The following contains a description of the project, all the way from backend logic and API to ClientController and ClientRepository.
- Dependencies: The Dependencies in the project contains all the installed server-side NuGet packages as mentioned above.
- Properties: The Properties node includes launchSettings.json file and Visual Studio profiles of debug settings.
- Controllers: The Controllers folder contains the developed controllers: Neo4jClientController y UsersController. These controllers handle incoming HTTP requests and send the response back to the caller.
- Helpers: The Helpers node includes some reusable classes to help with some repetitive tasks. In this project, MathHelper class is implemented mainly to calculate the middle point between two spatial points.
- Mappers: The Mappers folder contains object-object mappers for transforming an input object of one type into an output object of a different type. These mappers are mainly used to convert model objects to DTO objects.
- Model: The Model node involves all classes of the business model. It also contains the DTO classes.
- Repository: The Repository folder includes all classes which mediate between the domain and data mapping layers. The main repository here is ClientSpikeNeo4jRepository, which implements the queries to the Neo4j database.
- Scripts: This folder stores the populated.txt file. Use this file, as mentioned above, to fill the Neo4j database with data.
- Services: The Services node involves the GmapService, which is used to call Google Maps API to get information about routes, geolocated positions for keywords, etc.
- Program.cs: SpikeNeo4j is a console project which starts executing from the entry point public static void Main() in Program class, where we can create a host for the web application.
- Startup.cs: ASP.NET Core application must include Startup class. It is like Global.asax in the traditional .NET application. As the name suggests, it is executed first when the application starts.
Coding the Front-End of the Application
We have built this application using Angular 12. Numerous reasons for that include:
- Angular is a complete framework that has all the artifacts and requirements to build a SPA (single page application).
- We used this framework for its robustness and to provide an architecture to modern applications that set a standard in development and allow easy maintenance.
- Modular Application: For future developments, we have modularized as much as possible, thus increasing scalability and maintainability. Core: In this module, we have all the necessities for our application to run correctly, including Components like header and footer.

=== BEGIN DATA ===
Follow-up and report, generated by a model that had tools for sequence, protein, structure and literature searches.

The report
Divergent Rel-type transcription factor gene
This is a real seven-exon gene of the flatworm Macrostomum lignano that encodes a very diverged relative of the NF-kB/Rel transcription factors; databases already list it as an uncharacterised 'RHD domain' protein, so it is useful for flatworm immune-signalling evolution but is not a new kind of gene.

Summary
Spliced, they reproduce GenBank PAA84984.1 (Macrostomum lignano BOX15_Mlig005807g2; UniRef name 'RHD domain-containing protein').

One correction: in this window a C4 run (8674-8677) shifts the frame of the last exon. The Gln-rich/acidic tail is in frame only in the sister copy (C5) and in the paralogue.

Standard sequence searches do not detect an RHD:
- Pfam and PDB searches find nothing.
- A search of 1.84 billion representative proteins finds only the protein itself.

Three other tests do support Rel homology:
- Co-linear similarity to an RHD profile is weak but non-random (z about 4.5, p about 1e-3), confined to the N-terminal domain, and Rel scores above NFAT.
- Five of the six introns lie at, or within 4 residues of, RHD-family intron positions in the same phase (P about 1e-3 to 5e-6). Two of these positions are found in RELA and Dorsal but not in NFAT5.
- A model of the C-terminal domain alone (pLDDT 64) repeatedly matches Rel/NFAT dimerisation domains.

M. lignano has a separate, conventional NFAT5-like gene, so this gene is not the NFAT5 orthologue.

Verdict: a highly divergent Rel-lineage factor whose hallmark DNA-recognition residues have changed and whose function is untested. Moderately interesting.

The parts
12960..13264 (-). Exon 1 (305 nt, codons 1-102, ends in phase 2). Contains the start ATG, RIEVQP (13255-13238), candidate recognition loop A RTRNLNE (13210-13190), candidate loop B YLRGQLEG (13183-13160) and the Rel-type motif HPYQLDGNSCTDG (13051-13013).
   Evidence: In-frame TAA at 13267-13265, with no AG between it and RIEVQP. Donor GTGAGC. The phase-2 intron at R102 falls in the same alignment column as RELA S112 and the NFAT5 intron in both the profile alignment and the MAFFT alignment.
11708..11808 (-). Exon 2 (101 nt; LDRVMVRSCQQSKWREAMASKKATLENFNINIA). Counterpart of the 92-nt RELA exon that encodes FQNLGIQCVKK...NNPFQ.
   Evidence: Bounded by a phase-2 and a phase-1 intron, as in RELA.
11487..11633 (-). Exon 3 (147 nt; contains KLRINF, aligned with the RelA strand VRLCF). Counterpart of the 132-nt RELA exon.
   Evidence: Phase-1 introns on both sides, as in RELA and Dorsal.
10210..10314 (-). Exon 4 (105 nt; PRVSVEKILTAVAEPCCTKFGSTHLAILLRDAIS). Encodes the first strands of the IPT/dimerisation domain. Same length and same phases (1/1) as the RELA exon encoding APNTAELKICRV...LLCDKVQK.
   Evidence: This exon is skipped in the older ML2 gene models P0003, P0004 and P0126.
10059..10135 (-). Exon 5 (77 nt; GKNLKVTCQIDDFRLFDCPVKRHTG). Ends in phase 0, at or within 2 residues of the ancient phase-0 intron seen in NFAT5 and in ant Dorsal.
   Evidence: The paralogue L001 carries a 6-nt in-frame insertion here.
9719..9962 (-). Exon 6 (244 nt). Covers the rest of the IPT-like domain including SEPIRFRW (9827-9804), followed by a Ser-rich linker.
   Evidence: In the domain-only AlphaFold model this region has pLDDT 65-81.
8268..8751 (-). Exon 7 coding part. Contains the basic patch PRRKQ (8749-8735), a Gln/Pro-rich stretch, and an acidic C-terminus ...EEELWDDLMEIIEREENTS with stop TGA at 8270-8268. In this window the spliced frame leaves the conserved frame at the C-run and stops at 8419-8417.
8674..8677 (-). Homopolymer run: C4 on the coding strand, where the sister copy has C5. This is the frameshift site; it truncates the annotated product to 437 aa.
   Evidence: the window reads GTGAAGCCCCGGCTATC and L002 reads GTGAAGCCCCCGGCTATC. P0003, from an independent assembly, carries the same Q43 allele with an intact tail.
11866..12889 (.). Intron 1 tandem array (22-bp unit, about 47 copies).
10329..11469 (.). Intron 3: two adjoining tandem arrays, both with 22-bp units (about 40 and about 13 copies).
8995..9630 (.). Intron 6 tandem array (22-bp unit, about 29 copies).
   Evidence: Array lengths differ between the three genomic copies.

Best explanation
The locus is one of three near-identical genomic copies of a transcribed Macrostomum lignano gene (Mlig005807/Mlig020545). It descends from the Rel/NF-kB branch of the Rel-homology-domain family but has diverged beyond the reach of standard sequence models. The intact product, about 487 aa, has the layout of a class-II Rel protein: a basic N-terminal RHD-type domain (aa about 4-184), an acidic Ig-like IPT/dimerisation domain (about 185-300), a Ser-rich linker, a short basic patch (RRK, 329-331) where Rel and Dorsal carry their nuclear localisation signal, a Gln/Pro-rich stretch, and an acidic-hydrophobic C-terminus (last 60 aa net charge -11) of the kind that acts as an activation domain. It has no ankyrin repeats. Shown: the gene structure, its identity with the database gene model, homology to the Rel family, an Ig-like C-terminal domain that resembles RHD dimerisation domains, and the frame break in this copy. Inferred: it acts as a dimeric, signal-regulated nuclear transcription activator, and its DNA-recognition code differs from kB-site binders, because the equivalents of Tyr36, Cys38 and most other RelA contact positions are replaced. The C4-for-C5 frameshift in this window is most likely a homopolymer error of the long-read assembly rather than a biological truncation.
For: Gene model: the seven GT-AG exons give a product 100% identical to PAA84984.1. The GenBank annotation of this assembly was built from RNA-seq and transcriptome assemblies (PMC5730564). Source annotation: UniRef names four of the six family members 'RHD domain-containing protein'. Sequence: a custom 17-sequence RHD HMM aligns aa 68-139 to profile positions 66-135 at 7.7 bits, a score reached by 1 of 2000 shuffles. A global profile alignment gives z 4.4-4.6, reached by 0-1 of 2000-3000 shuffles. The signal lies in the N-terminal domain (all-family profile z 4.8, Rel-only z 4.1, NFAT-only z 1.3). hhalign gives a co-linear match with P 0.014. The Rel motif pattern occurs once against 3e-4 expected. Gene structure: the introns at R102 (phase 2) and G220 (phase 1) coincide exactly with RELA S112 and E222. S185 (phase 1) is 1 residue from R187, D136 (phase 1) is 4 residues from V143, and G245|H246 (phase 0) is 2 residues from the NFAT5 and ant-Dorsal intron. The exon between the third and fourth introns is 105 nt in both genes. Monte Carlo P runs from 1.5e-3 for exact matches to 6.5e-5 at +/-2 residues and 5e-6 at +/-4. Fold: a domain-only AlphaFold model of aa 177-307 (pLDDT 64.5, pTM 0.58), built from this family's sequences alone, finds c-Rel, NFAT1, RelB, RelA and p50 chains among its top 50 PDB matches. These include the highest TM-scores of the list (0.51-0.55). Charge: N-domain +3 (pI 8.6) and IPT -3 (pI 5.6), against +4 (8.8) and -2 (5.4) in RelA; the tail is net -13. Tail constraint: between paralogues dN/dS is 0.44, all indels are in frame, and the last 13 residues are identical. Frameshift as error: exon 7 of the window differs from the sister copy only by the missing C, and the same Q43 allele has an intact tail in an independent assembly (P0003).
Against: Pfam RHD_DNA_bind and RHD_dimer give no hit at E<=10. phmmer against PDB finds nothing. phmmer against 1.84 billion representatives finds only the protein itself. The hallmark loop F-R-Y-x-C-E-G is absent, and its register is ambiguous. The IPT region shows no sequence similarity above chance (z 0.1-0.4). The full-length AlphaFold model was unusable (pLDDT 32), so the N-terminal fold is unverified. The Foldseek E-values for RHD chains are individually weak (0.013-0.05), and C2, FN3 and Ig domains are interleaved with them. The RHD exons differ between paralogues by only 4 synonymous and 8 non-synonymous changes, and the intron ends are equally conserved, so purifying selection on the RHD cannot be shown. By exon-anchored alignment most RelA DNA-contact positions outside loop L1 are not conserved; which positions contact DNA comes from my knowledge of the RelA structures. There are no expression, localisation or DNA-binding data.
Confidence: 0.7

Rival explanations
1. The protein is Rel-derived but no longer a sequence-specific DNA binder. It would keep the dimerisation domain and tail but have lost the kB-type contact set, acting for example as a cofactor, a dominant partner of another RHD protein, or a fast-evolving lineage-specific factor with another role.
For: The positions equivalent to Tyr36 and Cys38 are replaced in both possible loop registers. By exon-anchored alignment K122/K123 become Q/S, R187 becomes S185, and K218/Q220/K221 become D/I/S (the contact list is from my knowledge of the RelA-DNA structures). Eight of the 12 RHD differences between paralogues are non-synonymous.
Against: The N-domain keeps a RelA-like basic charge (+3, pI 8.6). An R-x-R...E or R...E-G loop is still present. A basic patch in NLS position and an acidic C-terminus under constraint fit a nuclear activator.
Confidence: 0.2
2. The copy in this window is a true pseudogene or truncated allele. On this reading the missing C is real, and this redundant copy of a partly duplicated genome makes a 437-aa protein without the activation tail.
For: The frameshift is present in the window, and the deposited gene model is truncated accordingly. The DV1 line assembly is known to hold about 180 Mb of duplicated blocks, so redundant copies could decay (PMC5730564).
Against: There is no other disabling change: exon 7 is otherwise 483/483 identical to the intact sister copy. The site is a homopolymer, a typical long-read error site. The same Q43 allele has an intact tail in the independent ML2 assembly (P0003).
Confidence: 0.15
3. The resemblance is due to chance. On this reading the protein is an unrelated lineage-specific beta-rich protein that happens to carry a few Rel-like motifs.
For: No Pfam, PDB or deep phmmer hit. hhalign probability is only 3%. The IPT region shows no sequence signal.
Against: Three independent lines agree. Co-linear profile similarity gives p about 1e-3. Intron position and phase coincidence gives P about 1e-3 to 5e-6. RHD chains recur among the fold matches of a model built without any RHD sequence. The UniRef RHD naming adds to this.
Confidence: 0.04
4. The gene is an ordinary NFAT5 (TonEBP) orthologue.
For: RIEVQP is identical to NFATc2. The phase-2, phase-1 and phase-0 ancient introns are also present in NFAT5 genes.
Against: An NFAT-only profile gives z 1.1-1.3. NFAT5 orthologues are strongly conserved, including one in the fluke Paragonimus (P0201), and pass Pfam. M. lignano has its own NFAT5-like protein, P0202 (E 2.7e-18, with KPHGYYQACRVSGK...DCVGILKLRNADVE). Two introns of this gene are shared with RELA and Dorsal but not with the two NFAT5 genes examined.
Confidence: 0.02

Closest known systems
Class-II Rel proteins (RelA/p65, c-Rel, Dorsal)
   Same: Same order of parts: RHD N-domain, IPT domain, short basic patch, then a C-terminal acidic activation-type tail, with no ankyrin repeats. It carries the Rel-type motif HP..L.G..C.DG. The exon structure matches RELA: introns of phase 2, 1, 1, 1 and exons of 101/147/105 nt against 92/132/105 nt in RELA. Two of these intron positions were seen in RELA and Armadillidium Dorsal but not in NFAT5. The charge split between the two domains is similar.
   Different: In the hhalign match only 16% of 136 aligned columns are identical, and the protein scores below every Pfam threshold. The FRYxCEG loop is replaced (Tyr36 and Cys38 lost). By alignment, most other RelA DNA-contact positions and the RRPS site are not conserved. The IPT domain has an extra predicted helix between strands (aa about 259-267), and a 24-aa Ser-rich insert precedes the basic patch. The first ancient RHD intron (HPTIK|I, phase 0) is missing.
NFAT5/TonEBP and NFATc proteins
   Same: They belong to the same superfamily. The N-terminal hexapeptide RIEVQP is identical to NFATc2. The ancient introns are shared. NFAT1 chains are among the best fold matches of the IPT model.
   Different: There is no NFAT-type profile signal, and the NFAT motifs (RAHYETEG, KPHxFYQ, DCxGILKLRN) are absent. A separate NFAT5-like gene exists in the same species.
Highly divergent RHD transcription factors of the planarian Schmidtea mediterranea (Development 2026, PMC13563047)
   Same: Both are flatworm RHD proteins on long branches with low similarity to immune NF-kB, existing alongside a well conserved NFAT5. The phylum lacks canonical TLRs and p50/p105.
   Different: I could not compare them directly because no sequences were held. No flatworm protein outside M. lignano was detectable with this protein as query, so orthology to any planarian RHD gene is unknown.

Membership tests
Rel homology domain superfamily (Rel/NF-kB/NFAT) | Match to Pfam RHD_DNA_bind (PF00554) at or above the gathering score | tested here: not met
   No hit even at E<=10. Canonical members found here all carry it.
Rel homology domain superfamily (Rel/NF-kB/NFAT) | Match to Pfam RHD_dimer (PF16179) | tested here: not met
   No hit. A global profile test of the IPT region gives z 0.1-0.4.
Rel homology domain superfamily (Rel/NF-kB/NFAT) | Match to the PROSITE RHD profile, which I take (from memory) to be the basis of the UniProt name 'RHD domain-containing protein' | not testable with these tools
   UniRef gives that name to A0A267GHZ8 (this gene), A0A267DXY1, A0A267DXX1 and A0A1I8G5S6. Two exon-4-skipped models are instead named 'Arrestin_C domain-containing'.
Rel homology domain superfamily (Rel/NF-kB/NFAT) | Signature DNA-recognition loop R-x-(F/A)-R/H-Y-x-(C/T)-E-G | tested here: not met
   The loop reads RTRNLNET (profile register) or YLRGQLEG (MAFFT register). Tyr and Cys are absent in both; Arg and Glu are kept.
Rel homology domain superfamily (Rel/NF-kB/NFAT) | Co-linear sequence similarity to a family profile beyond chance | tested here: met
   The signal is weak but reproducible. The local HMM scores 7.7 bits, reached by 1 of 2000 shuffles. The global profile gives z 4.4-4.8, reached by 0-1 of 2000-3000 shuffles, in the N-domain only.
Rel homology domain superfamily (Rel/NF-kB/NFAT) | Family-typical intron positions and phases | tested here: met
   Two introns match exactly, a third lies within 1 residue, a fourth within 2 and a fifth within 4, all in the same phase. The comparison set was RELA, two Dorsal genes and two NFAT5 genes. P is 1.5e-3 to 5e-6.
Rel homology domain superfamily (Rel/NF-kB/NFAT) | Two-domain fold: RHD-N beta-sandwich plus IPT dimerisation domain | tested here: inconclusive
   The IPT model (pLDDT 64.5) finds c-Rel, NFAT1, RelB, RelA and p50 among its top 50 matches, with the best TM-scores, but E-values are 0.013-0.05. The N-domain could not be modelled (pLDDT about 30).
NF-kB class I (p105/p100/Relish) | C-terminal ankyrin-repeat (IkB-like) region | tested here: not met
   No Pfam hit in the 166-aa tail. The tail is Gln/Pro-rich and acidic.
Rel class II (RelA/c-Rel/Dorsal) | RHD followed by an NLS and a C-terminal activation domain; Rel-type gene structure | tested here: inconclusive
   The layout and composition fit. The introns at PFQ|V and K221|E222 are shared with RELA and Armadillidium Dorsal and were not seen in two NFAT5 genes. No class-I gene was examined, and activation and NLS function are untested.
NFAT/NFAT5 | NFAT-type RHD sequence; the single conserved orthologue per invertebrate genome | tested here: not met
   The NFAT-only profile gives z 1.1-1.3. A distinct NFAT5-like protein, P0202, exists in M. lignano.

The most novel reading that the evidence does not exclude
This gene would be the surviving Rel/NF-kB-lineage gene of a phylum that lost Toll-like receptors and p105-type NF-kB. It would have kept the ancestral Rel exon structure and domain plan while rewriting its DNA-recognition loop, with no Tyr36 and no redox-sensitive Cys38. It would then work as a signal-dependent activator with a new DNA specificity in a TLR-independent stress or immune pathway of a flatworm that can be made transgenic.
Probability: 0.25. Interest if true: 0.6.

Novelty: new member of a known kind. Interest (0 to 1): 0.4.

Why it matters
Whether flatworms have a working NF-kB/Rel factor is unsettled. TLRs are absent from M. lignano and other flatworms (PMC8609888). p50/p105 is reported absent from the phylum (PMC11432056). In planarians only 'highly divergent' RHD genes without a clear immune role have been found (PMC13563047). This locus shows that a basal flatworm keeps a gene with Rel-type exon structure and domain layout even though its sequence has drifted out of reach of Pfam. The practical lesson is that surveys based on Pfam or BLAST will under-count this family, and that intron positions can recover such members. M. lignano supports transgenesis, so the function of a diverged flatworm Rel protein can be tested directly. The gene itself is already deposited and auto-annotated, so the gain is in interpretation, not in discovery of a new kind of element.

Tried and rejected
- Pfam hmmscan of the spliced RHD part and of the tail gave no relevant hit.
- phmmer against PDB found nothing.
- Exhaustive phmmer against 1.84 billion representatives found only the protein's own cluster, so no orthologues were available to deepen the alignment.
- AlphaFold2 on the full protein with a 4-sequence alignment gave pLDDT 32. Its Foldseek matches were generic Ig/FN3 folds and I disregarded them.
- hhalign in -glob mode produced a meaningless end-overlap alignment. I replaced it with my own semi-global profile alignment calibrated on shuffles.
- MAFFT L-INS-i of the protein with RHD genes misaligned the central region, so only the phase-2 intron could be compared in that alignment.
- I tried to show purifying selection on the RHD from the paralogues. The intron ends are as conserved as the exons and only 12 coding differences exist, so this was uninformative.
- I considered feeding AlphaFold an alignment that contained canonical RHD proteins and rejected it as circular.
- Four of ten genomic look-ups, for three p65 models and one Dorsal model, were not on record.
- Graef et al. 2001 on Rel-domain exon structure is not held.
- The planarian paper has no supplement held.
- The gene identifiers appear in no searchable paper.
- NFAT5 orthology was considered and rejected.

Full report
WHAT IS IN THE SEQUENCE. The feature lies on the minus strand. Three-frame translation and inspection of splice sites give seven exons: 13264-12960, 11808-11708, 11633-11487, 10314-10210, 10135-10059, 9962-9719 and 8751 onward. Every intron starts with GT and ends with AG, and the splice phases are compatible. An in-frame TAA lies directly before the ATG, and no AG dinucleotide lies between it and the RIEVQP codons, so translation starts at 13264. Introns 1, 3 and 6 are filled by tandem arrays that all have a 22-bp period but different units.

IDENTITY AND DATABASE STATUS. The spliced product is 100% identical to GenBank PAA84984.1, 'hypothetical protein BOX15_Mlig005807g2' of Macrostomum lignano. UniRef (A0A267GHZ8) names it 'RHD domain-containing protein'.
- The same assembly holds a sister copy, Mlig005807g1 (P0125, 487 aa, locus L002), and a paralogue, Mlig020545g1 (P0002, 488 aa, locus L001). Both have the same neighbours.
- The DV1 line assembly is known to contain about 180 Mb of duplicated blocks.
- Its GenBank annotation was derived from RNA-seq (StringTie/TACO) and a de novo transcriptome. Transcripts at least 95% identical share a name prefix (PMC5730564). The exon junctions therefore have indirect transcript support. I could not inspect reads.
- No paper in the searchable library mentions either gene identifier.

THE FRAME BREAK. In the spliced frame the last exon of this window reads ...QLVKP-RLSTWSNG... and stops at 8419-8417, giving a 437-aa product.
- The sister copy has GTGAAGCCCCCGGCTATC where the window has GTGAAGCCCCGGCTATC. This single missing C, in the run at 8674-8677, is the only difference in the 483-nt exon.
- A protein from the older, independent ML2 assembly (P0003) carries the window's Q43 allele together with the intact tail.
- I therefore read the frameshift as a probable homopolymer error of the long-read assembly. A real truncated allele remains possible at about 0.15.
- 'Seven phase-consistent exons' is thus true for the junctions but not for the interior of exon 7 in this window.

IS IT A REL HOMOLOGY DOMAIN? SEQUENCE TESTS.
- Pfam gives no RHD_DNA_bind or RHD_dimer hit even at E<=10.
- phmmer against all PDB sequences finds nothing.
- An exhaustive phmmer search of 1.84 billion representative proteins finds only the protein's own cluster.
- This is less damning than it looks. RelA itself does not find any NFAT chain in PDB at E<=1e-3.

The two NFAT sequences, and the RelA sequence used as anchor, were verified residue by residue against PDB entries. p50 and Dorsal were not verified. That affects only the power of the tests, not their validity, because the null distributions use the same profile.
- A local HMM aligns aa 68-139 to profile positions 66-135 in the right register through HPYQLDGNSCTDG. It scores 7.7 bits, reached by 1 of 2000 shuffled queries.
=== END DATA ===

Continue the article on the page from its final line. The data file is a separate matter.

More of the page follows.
- Shared: Although it is empty, we have it prepared for extensions, and here should be everything that is used by various modules/features.
- Maps: Here we have two main components – one component for the 2D map view and another for the 3D view. If you want to add new functions later, they must be created in the same way as this module.
- External libraries: We have used different libraries to display maps and graphics.
- Maps: In addition to using Leaflet, which is the one that manages everything related to connections and markers, we used a Mapbox for the style of the map. For the 3D view, the library we chose was Miniature Earth.
- Miniature Earth: A library that uses ThreeJS for rendering the 3D view of the map.
- ChartJS: Detailed charts of distribution centers, which we use to generate sales, planning, and supply statistics.
- Apache ECharts: A powerful interactive charting and visualization library for browsers. We can see this library in the speedometer and the revolution counter in the incident mode of the truck.
Bringing the Code, API and the Database Backend Together
- Distribution Centers
MATCH (o:DistributionCenter)-->(d) RETURN * LIMIT 10
- Distribution Center Trucks
MATCH path = (c:DistributionCenter)<-[:LEG_ORIGIN]- (r:Route)<-[:ON_ROUTE]-(t:Truck) WHERE c.id = 22 RETURN path limit 10
- Truck and Problems
MATCH (s)-[r1:SYSTEM]->(t:Truck) WHERE t.id = '1421415P' RETURN *
Interactive Web Application that Supports Multiple Cities (Globally Distributed)
The demo covers four major cities today:
- San Diego, California, USA
- Shanghai, China
- Mumbai, India
You can toggle between each distribution center and city by changing the login credentials drop down (as shown in red in the top right corner) of the distribution center manager.
The demo is a responsive web application and is enabled for mobile devices. Here is what the experience looks like on mobile devices. This is to ensure that one can use the application anywhere, anytime, and from any device.
Well, we hope this demo will help you build a global supply chain application using real-time analytics on top of Neo4j’s highly scalable and secure data platform. We hope the deeper look at some of the challenges that can affect cost control, planning and risk management, supplier-partner relationships, and consumer demands – and how they are being addressed using Neo4j graph databases and real-time analytics – was eye-opening.
To learn more about the demo and supply chain:
To learn more about graph databases hands-on:
Community chat and forum:
Note: This is a demo, and the idea is to show an end-to-end application scenario and the world of possibilities with the Neo4j graph data platform.